Are we finally closer to stopping the common cold in its tracks? A newly tested molecule appears to offer real hope.
While an uncomfortable nuisance for the vast majority of people, the common cold can be life-threatening for those living with serious illnesses and immune deficiencies.
Caused by a family of viruses with hundreds of variants, it is nearly impossible to treat, as no single vaccination exists against it, meaning people resort to treating the symptoms rather than the virus itself.
However, a major breakthrough achieved by a team from Imperial College London could help pave the way for an actual cure by stopping the virus before it can even develop.
In a paper published to Nature Chemistry, the team detailed its new molecule, which targets N-myristoyltransferase (NMT), a protein in human cells.
Viruses typically ‘hijack’ NMT from human cells to construct the capsid – or protein shell – to protect the virus genome.
Any virus needs this same human protein to make new copies of itself and, as this new molecule can target NMT, it can work against the common cold.
Common cold inhaler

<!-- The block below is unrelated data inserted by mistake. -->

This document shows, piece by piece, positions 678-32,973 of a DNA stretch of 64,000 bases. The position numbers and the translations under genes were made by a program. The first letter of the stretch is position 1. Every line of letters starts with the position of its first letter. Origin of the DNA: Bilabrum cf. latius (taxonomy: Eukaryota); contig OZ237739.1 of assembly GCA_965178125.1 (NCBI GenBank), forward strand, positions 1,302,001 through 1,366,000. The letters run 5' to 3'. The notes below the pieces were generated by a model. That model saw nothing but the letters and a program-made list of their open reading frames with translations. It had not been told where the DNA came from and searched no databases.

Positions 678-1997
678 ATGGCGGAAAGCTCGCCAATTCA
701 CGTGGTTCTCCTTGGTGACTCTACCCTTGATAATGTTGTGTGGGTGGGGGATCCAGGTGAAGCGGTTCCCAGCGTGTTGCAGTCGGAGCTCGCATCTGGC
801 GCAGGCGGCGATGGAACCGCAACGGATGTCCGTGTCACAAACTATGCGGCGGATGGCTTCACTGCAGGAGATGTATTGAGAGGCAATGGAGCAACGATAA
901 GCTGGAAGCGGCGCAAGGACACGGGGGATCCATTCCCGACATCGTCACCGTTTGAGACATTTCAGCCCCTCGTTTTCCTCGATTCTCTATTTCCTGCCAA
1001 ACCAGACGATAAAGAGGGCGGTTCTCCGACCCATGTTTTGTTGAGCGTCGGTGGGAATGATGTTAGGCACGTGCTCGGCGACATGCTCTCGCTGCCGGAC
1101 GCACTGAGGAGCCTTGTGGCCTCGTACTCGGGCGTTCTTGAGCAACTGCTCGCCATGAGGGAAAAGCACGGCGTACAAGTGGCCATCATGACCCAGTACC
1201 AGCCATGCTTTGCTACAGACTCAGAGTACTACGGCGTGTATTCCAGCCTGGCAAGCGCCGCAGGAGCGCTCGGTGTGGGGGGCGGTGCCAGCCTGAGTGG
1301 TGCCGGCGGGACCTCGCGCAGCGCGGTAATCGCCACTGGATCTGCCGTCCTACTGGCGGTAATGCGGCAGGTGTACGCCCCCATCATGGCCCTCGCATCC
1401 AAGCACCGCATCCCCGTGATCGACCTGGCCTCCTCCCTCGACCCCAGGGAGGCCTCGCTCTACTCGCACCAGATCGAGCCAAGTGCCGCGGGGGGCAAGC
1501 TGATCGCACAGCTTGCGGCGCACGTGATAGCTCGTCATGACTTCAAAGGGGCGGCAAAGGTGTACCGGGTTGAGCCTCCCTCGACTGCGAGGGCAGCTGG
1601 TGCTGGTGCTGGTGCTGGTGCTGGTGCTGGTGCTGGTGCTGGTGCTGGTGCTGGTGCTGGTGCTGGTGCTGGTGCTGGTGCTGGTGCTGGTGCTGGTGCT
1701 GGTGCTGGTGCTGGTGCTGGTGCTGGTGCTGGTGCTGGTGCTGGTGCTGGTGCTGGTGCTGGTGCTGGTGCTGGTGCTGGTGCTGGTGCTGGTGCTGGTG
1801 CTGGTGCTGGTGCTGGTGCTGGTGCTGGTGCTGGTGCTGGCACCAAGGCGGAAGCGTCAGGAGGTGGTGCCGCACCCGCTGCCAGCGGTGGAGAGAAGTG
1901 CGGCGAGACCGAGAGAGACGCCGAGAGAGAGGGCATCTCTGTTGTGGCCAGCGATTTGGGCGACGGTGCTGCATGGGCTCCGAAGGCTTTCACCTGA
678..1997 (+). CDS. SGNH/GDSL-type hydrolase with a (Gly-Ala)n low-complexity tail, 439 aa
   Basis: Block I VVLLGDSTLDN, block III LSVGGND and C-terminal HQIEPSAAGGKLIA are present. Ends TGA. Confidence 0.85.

Additionally, the molecule also works against viruses related to the cold virus, such as polio and foot-and-mouth disease.
By targeting the human protein and not the virus itself, the molecule makes the emergence of resistant viruses highly unlikely.
Previous attempts to create drugs that target human cells rather than the virus have proven to be failures, while also showing themselves to be toxic.
This new molecule, however, completely blocked several strains of the virus without affecting human cells, but further studies are needed to make sure it is not in any way toxic to humans.
“A drug like this could be extremely beneficial if given early in infection, and we are working on making a version that could be inhaled, so that it gets to the lungs quickly,” said lead researcher on the project, Prof Ed Tate.